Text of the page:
Borrowing a definition from W. J. T. Mitchell’s What Do Pictures Want?, Hujar’s images are not iconic but “totemic.” The word totem derives from the Ojibwa term for a sibling relationship. In his photographs, Hujar did not mean so much to carve out sacred spaces, although that is there too in many of these photographs, but rather to trace lines of kinship. His downtown, in other words, was one big family. This sense of consanguinity makes the well-known portrait Candy Darling on her Deathbed (1973), all the more powerful. Hujar celebrates Candy Darling, transgender actress, Warhol Factory celebrity, and trooper to the end as she lies on her hospital bed. Hujar gives her the gift of escaping, if only temporarily, her losing battle with leukemia through one last opportunity to inhabit the world of glamour as she poses in makeup and costume while wrapped in bed sheets. However, the context—hospital rooms belong to friends and family—brings home Candy Darling’s mortality, and her performance morphs into something deeper and more disturbing as her lustrous eyes become fathomless dark pools.
An erotic connection, perhaps the closest of kinships, guides the emotional impact of David Wojnarowicz (1981), one of the many portraits Hujar made of his friend, lover, and mentee. As with the Candy Darling portrait and two other prints in Lost Downtown, Gary Snyder executed this print according to Hujar’s posthumous instructions. However, the new prints did not particularly stand out from the rest of the show. Snyder evidently used a greenish toner that gives this portrait a lighter feel than many of the others, which have a sepia tint. This lightness combined with the close-up of Wojnarowicz’s open expression, lips sensuously parted, creates complicity with the viewer—a pact, as it were, between lovers. In a film documenting Hujar’s dying days that Wojnarowicz would never finish, silent footage of beluga whales swimming in tanks is interspersed with the image of Hujar’s dead body. In Hujar’s portrait, Wojnarowicz also appears to be floating, silently drifting away from us into the recesses of memory.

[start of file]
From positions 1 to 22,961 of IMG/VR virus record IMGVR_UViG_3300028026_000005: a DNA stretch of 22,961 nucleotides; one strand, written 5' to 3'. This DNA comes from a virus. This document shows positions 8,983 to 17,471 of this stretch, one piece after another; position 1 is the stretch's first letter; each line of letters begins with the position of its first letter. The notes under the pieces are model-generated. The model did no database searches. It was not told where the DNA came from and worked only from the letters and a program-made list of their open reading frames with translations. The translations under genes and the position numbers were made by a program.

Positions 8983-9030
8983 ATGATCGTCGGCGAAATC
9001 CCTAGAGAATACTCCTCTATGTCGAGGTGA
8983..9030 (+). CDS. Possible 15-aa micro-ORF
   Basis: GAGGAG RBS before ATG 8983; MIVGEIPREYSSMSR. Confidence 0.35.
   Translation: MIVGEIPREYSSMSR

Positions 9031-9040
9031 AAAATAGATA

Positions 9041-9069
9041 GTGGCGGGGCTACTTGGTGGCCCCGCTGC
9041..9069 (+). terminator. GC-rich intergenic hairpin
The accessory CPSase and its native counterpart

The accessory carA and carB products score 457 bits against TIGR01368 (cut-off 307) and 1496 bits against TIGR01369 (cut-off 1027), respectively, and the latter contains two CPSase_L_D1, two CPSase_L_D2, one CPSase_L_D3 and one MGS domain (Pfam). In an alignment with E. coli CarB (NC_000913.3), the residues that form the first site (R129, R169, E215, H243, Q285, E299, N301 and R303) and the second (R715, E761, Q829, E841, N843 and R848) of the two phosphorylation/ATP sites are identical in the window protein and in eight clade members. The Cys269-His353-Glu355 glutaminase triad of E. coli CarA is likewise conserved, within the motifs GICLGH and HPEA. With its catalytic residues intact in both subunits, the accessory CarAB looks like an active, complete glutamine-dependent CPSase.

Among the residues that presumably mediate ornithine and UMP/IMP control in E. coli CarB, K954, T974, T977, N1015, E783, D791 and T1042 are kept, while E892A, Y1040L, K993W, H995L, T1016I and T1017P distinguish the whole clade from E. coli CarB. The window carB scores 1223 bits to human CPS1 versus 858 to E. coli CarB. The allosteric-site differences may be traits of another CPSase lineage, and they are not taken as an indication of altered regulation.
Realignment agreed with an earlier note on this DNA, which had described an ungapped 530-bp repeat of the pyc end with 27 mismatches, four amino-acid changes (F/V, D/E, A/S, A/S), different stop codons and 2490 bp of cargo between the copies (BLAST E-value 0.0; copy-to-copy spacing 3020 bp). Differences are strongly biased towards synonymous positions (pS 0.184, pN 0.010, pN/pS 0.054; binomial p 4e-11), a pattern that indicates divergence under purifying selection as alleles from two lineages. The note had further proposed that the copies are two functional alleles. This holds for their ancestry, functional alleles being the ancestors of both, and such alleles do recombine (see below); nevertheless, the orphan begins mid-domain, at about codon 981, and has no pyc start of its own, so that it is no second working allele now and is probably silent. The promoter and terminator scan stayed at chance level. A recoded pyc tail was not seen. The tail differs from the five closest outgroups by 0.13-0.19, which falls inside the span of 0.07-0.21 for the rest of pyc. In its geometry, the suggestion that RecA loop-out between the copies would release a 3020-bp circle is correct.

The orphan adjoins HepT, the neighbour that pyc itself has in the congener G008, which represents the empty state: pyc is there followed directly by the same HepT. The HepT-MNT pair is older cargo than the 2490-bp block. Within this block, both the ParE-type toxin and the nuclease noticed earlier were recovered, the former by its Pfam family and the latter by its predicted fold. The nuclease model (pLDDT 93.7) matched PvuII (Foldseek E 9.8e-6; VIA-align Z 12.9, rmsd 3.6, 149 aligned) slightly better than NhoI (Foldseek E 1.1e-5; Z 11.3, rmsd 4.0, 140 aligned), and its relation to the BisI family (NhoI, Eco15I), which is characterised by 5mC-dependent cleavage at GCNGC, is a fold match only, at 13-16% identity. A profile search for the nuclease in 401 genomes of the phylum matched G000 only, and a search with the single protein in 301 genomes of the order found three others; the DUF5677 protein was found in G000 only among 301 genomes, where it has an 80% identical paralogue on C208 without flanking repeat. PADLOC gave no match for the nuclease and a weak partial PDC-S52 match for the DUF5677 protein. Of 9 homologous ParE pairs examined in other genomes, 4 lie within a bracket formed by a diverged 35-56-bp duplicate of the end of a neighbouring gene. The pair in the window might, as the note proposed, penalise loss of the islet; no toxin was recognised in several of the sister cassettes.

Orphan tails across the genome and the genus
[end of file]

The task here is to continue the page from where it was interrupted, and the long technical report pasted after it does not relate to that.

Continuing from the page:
The most riveting image of loss appears in Sidney Faulkner (II) (1981). Like the Candy Darling portrait, it is a deathbed scene, but irony-free. Executed with pinpoint precision, it is all the more devastating in its emotional impact. Faulker’s craggy brow and aquiline nose create an impression of strength, virility even. Yet, at the tip of his nose glistens a tiny drop of mucus. No accident, it marks the focal point of the image as Hujar’s lighting throws it into high relief. That drop beautifully expresses the life force we all share, bags of bodily fluids that we are. In Faulkner’s case, it is just about to leave him. Similarly, Lost Downtown leaves us at the brink, just as the heady freedom of the late seventies and early eighties became obliterated by unchecked disease and ruthless economic imperatives. Hujar’s black-and-white photography, what he photographed, and his influence on subsequent artists (e.g. Wojnarowicz and Nan Goldin) are a unique guarantee we will never forget that moment.
- Susan Sontag, On Photography (New York: Farrar, Straus and Giroux, 1977), 11.